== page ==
Indian and other non-European refugees from colonial wars lived in these “vacant lands” that Anglo colonizers viewed as unfit.  Lumbees planted corn, vegetables, and grains, cultivated berries and grapes, and hunted and fished.  Beyond the swamps, they traveled short distances to extract turpentine in the pinelands owned by colonists.  As Lowery contends, working with colonists did not mean they accepted strangers.  They only wanted to return and hide in Drowning Creek with their kin.  Eventually, like their Anglo counterparts, Lumbees claimed individual ownership of these swampy lands and paid taxes.

In 1835, North Carolina disfranchised free people of color, and Lumbees sought salvation in Christianity and family ties.  After the Civil War, Lumbees faced de jure and de facto segregation that hardened racial lines between “white” and “colored,” all reinforced later in the century by the Supreme Court’s judgment in Plessey v. Ferguson.  Lumbees began to build their own unique community by creating separate schools, churches, and other institutions that kept continuous ties to their homeland.

In the early 1900s, Lumbees began to define their sense of place as Pembroke, a suffused town or homeplace that once had been foot trails and swamplands. However, most importantly, it was the name of the teacher training college for Indians, Pembroke State College, presently Pembroke University, located in Robeson County and belonging to the wider University of North Carolina system.  Throughout the first half of the twentieth century, multiple names plagued Lumbee identity; they struggled to hold on to their selfhood as they were called Croatan, Siouan Indians of Robeson County, Cherokee and Cheraw, and finally Lumbees, a name recognized by state and federal governments.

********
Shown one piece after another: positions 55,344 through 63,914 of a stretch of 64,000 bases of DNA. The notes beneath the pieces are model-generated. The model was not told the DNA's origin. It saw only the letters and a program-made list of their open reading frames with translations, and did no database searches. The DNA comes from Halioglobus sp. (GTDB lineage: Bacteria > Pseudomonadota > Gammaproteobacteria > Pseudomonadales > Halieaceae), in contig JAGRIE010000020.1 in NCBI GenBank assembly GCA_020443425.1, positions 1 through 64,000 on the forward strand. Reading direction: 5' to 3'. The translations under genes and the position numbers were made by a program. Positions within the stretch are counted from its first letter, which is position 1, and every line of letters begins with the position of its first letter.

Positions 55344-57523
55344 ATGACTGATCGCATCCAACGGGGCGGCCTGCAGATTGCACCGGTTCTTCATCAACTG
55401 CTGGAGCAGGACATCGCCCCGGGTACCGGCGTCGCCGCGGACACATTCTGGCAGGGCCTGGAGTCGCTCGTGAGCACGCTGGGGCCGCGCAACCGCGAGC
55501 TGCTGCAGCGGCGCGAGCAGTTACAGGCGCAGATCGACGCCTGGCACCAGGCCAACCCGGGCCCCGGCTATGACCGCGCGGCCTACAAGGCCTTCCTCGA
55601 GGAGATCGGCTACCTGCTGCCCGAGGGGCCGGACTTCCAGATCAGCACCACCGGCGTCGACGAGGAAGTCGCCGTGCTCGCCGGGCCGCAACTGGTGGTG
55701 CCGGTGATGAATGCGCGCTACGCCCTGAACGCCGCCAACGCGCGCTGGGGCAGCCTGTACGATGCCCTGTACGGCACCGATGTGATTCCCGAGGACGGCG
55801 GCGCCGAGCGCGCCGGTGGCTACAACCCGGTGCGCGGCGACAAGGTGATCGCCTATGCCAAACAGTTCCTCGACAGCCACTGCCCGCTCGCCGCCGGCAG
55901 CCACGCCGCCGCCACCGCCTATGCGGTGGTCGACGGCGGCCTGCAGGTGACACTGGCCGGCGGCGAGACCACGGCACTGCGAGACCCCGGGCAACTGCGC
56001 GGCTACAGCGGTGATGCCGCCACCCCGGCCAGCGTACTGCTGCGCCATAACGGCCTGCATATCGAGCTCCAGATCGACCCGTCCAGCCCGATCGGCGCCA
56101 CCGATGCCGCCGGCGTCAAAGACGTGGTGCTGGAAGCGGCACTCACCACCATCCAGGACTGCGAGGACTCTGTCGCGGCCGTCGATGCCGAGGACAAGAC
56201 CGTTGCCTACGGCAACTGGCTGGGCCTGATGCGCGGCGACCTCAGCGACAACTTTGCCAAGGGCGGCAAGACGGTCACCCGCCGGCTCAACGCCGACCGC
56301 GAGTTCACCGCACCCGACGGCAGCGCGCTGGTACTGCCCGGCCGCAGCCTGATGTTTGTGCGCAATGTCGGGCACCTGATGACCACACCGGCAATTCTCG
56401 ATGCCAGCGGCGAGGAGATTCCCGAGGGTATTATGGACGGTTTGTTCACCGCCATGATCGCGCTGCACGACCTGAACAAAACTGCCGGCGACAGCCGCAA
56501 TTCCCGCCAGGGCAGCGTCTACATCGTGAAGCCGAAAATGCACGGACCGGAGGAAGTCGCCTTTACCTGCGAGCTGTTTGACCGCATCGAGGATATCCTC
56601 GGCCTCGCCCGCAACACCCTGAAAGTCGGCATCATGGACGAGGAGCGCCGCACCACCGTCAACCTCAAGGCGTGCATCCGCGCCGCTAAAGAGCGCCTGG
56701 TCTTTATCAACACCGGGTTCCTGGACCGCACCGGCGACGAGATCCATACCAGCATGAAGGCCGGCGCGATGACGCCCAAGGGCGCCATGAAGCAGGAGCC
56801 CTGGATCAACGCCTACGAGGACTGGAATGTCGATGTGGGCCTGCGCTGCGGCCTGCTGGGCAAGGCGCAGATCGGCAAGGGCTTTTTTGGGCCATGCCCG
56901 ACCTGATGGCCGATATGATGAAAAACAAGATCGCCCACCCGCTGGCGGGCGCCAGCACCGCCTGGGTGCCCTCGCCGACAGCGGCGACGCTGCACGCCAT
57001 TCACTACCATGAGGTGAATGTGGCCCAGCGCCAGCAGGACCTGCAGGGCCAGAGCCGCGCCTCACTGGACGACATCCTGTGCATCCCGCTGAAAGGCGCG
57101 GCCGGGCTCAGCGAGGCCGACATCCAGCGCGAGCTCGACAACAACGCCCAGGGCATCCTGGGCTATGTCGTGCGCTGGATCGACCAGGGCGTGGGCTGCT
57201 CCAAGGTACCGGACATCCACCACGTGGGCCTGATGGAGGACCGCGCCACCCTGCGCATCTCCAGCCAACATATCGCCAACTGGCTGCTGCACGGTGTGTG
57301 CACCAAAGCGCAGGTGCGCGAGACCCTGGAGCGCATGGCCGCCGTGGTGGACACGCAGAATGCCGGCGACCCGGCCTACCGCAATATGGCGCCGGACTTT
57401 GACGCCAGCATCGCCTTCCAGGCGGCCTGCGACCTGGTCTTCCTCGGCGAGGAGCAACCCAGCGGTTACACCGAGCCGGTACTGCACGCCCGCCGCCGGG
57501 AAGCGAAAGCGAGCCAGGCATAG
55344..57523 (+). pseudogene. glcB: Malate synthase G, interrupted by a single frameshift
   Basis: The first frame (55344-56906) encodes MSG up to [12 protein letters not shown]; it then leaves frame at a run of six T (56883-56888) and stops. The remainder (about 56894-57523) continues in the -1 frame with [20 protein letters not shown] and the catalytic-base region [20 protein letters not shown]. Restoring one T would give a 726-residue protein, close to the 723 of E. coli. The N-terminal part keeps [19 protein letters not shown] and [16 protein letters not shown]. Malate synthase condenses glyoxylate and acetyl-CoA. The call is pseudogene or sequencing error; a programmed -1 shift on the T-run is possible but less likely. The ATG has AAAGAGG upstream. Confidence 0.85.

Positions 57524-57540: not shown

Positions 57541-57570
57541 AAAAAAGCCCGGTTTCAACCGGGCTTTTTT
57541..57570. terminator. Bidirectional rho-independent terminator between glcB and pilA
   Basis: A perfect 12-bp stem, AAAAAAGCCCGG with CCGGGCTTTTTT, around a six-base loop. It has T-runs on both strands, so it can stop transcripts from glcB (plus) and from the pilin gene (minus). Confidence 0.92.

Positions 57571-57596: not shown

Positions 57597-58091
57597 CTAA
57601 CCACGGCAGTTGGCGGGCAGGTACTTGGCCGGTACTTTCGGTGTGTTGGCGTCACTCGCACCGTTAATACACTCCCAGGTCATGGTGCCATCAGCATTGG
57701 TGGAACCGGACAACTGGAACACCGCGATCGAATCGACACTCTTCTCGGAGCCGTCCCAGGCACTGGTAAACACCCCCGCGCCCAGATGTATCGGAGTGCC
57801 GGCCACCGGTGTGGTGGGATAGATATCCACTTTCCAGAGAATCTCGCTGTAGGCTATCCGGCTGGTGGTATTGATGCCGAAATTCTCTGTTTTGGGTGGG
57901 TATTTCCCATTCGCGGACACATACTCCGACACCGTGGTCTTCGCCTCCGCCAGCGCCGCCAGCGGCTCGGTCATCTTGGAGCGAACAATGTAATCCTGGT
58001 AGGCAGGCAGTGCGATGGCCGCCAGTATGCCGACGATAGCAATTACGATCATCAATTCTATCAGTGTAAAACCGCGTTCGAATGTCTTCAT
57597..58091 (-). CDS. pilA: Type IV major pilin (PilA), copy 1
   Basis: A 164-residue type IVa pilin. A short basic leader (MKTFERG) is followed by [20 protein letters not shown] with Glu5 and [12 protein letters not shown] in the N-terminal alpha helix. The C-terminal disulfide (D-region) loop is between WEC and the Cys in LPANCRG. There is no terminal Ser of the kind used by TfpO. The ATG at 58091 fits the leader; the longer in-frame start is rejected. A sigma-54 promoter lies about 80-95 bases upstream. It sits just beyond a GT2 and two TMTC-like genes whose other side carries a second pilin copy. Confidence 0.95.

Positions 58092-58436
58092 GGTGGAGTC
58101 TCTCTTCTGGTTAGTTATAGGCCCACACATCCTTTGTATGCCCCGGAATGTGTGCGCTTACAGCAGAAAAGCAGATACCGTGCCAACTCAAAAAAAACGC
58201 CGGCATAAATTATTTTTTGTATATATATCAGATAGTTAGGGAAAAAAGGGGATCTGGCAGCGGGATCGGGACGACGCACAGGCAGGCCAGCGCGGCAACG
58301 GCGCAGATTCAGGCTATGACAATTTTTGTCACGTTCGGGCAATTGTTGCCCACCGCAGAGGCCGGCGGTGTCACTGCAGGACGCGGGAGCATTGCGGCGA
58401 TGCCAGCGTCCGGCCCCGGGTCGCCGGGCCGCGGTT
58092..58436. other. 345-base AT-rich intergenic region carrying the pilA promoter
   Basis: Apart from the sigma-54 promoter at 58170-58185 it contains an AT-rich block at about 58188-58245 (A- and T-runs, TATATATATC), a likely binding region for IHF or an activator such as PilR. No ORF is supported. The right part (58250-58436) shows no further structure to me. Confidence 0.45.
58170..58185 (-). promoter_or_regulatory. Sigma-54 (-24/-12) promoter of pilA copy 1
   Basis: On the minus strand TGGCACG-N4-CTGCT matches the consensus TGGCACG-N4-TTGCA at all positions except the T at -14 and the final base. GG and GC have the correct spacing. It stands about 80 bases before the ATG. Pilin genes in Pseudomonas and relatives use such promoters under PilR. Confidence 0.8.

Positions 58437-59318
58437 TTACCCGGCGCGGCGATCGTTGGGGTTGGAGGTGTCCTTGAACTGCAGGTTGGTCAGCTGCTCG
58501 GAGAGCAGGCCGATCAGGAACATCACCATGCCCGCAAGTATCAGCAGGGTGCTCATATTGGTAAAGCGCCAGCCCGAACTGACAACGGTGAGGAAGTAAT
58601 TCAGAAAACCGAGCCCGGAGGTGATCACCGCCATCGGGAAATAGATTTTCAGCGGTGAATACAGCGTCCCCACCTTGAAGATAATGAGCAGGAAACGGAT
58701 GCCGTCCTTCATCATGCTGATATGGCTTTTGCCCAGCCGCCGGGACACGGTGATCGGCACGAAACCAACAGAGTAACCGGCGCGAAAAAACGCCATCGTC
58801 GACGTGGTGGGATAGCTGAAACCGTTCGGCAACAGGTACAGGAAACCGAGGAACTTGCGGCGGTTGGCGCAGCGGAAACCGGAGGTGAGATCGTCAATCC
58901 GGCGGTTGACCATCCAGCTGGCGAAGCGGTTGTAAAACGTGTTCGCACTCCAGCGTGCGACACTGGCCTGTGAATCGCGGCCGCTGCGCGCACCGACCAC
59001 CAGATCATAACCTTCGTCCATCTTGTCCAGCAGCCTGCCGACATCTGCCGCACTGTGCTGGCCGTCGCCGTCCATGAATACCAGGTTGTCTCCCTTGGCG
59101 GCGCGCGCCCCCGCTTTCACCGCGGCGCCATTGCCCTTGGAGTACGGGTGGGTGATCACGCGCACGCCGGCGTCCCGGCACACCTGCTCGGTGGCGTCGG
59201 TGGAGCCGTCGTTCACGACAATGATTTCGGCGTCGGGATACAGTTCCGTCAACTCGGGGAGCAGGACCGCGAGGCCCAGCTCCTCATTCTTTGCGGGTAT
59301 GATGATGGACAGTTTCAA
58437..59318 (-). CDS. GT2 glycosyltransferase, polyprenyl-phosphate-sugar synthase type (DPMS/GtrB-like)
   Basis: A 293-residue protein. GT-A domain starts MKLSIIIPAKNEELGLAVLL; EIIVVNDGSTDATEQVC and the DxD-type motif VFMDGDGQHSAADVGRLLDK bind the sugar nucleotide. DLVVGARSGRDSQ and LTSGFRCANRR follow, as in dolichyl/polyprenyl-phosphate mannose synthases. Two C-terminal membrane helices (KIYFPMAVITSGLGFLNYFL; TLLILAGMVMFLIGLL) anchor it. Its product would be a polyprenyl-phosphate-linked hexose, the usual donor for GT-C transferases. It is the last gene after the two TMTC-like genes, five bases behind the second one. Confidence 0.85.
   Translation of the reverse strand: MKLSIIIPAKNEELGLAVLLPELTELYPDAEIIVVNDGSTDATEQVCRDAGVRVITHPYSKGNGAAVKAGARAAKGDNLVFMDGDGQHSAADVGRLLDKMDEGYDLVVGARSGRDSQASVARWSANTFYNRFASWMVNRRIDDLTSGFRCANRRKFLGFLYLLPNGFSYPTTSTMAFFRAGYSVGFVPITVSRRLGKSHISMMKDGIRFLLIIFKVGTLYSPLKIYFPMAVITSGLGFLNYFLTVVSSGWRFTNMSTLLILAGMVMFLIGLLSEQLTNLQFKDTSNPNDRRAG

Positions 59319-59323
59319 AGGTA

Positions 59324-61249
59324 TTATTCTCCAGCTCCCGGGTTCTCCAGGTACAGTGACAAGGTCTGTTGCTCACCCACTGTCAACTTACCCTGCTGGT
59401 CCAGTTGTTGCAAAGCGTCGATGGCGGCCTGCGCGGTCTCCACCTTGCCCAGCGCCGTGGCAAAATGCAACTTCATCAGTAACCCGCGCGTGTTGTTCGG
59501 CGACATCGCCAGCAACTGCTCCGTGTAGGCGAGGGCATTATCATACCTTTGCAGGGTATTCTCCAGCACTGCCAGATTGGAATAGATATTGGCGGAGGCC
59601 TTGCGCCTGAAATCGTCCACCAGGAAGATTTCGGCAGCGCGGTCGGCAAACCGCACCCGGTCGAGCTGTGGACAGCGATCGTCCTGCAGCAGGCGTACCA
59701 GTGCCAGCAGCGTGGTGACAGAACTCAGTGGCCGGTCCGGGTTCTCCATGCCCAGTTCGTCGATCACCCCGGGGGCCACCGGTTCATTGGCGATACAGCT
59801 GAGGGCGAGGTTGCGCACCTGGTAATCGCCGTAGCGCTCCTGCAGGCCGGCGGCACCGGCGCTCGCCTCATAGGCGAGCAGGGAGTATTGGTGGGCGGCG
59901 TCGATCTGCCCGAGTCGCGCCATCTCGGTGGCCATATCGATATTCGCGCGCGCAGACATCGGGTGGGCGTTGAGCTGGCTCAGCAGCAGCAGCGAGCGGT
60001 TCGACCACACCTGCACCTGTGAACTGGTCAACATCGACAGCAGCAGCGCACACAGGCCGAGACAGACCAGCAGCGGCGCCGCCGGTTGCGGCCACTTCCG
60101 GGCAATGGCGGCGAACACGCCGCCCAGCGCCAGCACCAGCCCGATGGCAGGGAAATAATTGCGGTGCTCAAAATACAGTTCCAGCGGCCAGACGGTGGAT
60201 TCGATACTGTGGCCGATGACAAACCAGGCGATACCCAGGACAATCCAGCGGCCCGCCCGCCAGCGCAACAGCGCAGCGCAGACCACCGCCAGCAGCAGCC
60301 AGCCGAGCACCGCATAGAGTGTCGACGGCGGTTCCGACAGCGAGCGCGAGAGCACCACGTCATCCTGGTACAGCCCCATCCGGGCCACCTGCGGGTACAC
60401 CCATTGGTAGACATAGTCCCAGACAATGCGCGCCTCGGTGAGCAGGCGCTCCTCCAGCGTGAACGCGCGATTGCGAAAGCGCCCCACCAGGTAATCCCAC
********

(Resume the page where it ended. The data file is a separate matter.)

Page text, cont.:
Lowery carefully delineates the multiple legal challenges Lumbees faced after Congress passed the Lumbee Act of 1956, failing to provide federal benefits but offering “limited federal acknowledgement.”  Some Lumbee leaders did not want their people dependent on services provided by state and federal governments.  This act has not been repealed.  Although many tribes became recognized as sovereign nations in the 1970s and 80s, Lumbees have been denied that process.

Undeterred, twenty-first century Lumbees have created a constitutional government based on the “inherent power of self-government of the Lumbee Tribe of North Carolina” (214). The first constitutional article declares kinship and place as defining features of the Lumbees.  Political wrangling over Lumbee federal recognition has continued—mainly from lobbyists representing other federally recognized tribes.  Lumbees have not made a treaty with the U.S. nor can they claim a reservation, yet they has existed as a coherent society for over 500 years.

Lowery’s book appeals to a wide audience, both general and scholarly.  Chapter intersections called “Interludes” enhance her well-written and well-researched narrative.  For example, after explaining her own experiences as an Indian in a predominantly white class, she pauses for an “Interlude” entitled: “What Are You?”  Lowery’s readers become thoroughly engaged in the story of why she is “Proud to be a Lumbee.”